Title

Language Use as Carrier of Social Identity

Publication Type

Journal Article

Publication Date

3-1999

Abstract

In the present study, we examined the relationship of social identity (Hongkonger or Chinese) and the attitudes toward bilingual code switching in a conversation between a Hong Kong person and a Chinese Mainlander. Students from a local university in Hong Kong (N = 159) listened to a four-turn conversation between a Hong Kong person and a Mainlander in a wedding party. As expected, when the speaker converged to the Putonghua (the Mainland official language), those who claimed a Hongkonger identity judged the Hong Kong speaker less favourably than did those who claimed a Chinese identity. In addition, participants who claimed a Chinese identity judged the Hong Kong speaker more favourably when he converged to Putonghua than when he maintained Cantonese (a Chinese dialect most commonly used in Hong Kong). Finally, social identity was unrelated to language attitudes when the Mainland speaker converged to Cantonese first.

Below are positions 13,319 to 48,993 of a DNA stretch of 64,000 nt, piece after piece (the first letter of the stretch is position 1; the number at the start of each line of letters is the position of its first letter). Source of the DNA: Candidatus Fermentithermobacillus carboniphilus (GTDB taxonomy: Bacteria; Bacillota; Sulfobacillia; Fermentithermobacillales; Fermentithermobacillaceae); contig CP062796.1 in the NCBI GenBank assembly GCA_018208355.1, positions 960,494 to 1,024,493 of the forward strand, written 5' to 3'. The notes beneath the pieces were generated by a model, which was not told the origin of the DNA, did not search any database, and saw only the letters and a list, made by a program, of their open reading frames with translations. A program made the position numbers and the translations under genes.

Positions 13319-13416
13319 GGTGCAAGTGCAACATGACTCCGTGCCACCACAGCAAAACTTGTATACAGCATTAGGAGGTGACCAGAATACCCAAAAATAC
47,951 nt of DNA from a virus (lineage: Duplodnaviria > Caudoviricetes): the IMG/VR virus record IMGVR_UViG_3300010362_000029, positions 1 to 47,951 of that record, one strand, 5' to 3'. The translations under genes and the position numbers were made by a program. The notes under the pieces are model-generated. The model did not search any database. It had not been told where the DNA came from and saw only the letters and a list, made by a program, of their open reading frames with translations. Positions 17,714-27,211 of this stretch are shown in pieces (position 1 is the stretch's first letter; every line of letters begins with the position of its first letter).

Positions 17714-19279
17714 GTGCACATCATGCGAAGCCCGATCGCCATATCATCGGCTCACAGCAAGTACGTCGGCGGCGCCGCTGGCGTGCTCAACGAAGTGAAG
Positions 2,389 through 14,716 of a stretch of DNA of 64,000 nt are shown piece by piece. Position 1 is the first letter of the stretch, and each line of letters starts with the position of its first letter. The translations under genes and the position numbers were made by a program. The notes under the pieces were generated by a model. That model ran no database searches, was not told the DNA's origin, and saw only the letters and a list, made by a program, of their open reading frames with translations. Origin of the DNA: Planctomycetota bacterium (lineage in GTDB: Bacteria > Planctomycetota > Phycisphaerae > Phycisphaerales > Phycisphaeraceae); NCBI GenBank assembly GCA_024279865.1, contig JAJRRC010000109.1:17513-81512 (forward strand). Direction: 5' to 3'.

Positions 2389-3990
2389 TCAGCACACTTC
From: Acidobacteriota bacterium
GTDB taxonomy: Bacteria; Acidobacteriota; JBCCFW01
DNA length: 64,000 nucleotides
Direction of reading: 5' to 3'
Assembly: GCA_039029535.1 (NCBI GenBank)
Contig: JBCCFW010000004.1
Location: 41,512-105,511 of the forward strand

Keywords

social identity, bilingual code switching, Mandarin, Cantonese, Chinese, Hong Kong, China

Discipline

Asian Studies | Multicultural Psychology | Personality and Social Contexts

Research Areas

Psychology

Publication

International Journal of Intercultural Relations

Volume

23

Issue

2

First Page

281

Last Page

296

ISSN

0147-1767

Identifier

10.1016/s0147-1767(98)00039-x

Publisher

Elsevier

Additional URL

http://dx.doi.org/10.1016/s0147-1767(98)00039-x

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